Psychological disorders are often portrayed as all-consuming and incapacitating, and this is often the case. People with functional depression, on the other hand, get up every day, dress, go to work or school, and often appear to be doing well on the outside while suffering on the inside.
It is natural for us to go through phases of severe sadness, grief, lack of motivation, or exhaustion throughout our lives. These acute bouts of melancholy are frequently triggered by life changes and challenges, and they might cause minor disruptions in daily living for a short period of time. We may be suffering from major depressive illness if these sensations last more than two weeks and prevent us from going about our daily activities.
According to the DSM-5, to be diagnosed with depression one must,
“ be experiencing five or more symptoms during the same 2-week period and at least one of the symptoms should be either (1) depressed mood or (2) loss of interest or pleasure.
To receive a diagnosis of depression, these symptoms must cause the individual clinically significant distress or impairment in social, occupational, or other important areas of functioning. The symptoms must also not be a result of substance abuse or another medical condition.”
Depression is one of the most commonly diagnosed mental disorders in the US, according to the National Institute of Mental Health, “In 2020, an estimated 14.8 million U.S. adults aged 18 or older had at least one major depressive episode with severe impairment in the past year. This number represented 6.0% of all U.S. adults.” Though one life event that has been linked to clinical depression and major depressive episodes is job loss and the cruel job hunting process.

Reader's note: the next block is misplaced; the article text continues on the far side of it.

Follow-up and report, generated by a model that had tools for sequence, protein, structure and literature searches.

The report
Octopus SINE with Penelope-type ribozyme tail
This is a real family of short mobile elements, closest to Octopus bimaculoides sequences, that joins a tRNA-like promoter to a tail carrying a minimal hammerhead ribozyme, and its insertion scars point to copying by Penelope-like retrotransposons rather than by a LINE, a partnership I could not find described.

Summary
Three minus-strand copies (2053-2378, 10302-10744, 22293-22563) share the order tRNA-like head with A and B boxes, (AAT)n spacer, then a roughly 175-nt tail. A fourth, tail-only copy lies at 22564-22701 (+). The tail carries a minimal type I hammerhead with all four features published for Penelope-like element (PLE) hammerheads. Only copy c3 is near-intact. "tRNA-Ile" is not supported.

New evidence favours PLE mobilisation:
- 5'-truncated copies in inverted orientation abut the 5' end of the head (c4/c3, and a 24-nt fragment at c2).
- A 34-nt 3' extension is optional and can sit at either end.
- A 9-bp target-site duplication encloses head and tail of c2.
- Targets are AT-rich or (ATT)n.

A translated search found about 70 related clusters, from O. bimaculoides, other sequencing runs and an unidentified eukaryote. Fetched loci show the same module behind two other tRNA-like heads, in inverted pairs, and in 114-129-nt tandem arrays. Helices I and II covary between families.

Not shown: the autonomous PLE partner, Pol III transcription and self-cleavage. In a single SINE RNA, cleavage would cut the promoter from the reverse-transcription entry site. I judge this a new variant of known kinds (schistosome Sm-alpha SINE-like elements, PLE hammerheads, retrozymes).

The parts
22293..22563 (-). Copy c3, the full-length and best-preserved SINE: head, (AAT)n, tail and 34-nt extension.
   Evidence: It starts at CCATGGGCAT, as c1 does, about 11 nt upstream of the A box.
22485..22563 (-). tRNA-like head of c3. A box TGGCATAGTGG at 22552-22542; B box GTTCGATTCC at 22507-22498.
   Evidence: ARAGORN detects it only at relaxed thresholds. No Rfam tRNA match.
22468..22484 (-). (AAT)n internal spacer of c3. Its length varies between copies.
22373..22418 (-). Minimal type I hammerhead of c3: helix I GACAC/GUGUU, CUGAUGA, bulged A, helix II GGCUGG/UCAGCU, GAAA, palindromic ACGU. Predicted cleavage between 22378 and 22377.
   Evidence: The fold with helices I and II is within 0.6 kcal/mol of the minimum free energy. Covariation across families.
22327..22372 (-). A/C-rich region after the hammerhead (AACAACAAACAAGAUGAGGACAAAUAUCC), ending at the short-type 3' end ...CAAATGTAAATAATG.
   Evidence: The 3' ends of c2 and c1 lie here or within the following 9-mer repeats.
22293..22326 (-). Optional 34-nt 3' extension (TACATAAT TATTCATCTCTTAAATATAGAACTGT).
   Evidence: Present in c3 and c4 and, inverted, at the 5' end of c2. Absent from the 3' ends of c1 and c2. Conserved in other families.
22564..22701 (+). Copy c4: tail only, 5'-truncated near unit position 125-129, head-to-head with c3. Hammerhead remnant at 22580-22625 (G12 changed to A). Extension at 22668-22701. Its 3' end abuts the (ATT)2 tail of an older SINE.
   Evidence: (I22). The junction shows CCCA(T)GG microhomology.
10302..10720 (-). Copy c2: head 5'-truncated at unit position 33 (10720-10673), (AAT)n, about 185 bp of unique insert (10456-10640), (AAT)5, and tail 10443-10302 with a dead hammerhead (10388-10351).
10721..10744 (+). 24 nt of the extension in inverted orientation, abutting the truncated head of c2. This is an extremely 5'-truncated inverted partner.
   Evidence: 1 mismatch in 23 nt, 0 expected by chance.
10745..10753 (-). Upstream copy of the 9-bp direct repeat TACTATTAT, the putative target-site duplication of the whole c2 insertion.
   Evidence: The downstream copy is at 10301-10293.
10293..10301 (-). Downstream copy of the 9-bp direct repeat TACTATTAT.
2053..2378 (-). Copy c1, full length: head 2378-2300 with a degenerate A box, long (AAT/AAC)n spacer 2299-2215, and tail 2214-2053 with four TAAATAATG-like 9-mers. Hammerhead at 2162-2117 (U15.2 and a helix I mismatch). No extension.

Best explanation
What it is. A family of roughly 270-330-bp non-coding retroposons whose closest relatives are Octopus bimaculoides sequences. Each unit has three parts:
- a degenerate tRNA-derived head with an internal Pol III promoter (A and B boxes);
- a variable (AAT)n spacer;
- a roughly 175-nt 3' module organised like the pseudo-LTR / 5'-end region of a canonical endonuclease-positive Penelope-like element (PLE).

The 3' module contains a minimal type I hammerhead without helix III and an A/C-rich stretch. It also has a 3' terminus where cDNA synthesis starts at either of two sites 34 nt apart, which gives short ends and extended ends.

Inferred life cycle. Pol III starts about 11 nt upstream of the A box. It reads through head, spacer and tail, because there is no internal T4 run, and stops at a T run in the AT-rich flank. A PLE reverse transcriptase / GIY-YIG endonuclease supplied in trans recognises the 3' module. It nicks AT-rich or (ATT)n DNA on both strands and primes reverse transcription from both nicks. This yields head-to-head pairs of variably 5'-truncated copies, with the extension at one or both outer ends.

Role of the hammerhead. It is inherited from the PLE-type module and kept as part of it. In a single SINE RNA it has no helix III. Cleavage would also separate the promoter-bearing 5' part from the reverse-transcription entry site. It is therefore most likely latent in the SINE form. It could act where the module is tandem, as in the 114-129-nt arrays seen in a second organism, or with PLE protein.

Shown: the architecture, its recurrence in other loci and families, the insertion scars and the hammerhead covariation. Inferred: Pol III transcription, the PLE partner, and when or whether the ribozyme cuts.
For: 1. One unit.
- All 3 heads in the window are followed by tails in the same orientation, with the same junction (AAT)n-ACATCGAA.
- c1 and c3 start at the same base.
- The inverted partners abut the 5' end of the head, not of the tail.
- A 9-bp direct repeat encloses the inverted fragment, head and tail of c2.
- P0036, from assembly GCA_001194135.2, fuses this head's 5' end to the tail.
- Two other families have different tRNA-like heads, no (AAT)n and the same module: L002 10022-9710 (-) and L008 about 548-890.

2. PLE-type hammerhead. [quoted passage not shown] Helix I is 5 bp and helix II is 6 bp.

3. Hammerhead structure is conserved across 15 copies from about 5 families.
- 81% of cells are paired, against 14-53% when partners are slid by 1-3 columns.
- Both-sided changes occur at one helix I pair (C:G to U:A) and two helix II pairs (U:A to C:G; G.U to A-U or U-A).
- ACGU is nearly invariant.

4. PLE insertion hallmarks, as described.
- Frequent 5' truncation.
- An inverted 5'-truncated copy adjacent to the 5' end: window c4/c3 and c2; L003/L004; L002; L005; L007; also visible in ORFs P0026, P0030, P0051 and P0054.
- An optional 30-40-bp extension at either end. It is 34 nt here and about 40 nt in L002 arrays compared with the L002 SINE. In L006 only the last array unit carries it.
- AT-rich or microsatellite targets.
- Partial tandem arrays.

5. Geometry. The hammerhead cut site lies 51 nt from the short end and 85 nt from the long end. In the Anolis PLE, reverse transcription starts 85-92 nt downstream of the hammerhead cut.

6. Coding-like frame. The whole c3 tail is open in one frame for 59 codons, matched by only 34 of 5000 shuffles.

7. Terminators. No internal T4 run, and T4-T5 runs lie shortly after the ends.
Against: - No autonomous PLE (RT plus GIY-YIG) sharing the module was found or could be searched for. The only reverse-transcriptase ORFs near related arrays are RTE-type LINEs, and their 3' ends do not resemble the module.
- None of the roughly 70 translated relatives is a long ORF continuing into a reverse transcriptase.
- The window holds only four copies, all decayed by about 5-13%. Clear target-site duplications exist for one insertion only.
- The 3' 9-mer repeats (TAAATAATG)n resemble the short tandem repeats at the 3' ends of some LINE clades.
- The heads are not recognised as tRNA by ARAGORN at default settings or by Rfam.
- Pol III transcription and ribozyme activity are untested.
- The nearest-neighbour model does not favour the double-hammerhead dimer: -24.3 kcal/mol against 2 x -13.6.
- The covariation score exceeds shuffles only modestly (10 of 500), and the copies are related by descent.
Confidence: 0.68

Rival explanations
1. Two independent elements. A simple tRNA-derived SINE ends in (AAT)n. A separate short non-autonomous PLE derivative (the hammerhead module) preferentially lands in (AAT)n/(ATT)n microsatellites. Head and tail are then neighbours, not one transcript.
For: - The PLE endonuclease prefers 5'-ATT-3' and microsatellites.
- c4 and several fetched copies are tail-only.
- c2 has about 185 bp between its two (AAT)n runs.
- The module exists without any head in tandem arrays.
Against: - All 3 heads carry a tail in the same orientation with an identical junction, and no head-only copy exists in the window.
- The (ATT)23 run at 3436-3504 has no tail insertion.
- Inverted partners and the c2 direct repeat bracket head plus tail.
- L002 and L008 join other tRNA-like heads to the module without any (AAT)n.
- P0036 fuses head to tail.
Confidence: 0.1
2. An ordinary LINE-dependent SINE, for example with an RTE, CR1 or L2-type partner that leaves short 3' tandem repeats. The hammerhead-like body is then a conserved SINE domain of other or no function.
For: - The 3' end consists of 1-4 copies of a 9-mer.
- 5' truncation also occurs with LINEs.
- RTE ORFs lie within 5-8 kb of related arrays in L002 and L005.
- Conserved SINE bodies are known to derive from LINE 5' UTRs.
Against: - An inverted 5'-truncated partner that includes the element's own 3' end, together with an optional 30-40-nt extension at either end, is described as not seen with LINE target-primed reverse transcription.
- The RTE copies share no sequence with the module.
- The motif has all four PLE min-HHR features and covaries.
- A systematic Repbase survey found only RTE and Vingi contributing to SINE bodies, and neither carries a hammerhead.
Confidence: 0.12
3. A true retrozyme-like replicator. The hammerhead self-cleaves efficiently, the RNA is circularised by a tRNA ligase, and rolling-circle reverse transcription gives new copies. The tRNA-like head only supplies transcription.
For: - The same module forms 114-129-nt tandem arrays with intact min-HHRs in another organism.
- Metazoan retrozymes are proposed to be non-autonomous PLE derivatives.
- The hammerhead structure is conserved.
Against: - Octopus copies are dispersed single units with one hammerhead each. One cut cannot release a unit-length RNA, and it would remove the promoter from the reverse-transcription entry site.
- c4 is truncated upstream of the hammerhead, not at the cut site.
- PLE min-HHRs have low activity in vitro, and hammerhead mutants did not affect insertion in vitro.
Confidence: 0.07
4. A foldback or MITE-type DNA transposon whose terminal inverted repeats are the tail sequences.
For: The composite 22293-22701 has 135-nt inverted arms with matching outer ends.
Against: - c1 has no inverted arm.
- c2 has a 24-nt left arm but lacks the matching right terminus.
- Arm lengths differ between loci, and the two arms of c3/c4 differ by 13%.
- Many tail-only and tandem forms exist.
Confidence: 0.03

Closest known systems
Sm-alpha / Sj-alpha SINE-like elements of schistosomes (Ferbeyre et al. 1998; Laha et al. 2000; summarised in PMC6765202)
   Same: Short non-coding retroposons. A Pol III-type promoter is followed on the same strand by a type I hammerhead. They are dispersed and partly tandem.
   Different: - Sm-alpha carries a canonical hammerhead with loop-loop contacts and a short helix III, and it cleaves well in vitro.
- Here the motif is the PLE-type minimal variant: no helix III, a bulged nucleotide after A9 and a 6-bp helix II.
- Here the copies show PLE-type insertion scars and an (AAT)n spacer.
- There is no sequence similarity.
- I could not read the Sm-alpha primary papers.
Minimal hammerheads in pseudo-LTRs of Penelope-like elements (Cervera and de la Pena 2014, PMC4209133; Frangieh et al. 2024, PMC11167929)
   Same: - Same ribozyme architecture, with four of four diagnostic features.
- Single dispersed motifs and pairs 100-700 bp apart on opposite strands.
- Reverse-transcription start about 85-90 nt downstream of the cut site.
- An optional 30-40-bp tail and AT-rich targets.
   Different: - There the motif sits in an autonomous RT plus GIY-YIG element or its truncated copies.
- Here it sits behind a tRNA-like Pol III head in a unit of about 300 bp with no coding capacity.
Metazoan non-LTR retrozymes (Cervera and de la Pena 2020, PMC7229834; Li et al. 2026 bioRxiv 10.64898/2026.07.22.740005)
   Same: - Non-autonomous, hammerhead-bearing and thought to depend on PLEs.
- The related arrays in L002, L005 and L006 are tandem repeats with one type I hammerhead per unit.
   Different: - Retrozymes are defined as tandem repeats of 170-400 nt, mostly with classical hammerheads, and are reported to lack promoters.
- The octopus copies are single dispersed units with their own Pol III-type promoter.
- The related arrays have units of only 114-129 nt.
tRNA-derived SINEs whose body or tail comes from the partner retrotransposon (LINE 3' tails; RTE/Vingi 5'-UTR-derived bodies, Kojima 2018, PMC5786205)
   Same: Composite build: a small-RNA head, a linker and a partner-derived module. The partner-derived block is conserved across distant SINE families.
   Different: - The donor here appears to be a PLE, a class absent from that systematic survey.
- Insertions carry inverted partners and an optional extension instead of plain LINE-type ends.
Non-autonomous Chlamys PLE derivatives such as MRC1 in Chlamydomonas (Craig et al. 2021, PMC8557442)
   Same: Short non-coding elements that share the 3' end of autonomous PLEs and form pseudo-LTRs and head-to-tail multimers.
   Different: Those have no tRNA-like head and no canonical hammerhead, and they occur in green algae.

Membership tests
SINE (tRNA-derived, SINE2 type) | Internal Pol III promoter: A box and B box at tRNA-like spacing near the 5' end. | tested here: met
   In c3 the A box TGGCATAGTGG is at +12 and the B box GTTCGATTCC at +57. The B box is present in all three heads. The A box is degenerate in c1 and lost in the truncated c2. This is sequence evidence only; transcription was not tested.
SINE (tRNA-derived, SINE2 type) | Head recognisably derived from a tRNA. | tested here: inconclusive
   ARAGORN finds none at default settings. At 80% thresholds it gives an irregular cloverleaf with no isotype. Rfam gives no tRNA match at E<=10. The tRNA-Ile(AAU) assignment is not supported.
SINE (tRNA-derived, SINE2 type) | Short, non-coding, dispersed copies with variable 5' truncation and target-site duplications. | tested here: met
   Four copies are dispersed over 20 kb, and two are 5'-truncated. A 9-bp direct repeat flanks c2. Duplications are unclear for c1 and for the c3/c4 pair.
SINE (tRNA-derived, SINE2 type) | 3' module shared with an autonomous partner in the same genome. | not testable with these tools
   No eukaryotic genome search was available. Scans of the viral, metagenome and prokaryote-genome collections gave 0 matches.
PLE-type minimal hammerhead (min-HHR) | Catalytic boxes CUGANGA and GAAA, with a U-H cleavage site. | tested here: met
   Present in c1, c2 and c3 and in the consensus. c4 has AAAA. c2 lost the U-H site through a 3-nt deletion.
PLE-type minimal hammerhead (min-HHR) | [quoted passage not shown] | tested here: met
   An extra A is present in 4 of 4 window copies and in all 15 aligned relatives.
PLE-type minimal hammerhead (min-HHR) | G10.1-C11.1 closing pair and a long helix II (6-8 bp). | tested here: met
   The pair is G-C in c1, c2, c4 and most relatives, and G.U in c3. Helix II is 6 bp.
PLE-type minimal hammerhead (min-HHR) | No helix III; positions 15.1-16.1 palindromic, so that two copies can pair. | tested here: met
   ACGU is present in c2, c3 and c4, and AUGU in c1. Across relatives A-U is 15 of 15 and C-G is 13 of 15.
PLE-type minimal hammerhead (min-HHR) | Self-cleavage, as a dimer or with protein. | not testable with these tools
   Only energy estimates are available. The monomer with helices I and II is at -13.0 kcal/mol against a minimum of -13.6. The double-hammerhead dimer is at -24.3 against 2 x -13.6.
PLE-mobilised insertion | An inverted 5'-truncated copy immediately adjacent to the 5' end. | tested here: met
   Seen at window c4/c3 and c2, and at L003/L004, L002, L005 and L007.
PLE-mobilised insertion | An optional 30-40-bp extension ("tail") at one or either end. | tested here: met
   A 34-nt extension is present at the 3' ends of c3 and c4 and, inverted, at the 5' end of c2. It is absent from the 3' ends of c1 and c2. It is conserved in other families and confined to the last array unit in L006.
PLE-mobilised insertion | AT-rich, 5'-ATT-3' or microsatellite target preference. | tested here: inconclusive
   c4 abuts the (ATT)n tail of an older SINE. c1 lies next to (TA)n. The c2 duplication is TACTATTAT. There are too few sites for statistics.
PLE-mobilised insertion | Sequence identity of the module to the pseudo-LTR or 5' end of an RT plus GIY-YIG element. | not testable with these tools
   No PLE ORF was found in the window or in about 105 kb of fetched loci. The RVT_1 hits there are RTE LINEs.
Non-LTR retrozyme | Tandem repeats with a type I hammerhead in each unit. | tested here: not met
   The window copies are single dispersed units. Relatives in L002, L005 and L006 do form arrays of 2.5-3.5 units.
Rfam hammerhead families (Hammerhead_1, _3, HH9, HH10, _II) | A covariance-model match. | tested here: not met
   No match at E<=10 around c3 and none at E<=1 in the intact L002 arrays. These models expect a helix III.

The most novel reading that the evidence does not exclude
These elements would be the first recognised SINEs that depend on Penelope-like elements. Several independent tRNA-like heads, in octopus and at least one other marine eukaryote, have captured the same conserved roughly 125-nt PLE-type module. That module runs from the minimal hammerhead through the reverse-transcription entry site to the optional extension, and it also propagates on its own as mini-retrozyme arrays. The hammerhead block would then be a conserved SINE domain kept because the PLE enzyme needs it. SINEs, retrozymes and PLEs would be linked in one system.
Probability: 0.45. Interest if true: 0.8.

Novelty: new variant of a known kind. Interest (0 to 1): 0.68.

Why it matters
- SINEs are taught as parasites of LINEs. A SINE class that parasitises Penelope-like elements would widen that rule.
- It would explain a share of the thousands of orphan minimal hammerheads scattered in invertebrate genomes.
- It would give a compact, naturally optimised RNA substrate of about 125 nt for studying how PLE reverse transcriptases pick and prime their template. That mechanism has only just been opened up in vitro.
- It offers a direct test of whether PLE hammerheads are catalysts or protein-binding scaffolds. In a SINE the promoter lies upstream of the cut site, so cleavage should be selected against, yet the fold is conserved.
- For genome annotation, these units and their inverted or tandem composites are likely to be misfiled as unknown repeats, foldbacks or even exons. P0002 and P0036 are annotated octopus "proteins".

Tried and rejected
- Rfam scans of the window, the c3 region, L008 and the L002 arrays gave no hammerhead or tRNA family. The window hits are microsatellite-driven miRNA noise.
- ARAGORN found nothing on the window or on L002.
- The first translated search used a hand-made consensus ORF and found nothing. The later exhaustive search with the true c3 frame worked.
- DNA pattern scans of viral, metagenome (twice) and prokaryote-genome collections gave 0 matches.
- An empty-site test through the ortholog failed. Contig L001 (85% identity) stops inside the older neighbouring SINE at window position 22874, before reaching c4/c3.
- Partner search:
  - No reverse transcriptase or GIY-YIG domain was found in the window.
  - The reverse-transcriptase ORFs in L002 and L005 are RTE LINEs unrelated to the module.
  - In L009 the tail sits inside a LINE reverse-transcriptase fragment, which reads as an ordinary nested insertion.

It is not uncommon for people to use their jobs as a way to form an identity, so when the rug is pulled under your feet and left without work, reality can seem daunting. In a 2014 Gallup Poll study, they found that 1 in 5 Americans without a job for a year or more report that they’ve been or are currently undergoing treatment for depression. This is roughly double the rate of depression among those who’ve been without a job for fewer than 5 weeks. If losing the job wasn’t bad enough, the job search following it can ravage one’s mind. Doing immeasurable harm to their psyche, self-esteem, and overall mental health.
Job search depression differs in that the feelings of depression are brought on by the job search process. Job search depression is, unfortunately, a never-ending cycle. Unemployment and depression are inextricably linked. Job hunting challenges might leave you feeling rejected, worried, apprehensive, and gloomy about your future prospects. As said before, a job can evolve to become part of our identity in a variety of ways. The professional path we choose is a reflection of who we are as individuals. These complex emotions and mood swings can hamper your job hunt even more.
Unfortunately, becoming depressed over your job search can have numerous negative impacts on other aspects of your life. It can go beyond your career planning if you’re feeling despondent about your job search. It might affect your personal connections as well as your personal development.
According to a Pew Research Center poll, over half of US individuals who are looking for work reported a pessimistic perspective about their future job prospects. During the job search, 53% said they felt like they’d lost a piece of themselves. Because of their unemployment, 56% admitted that they’ve had greater emotional or mental health concerns, such as anxiety or depression.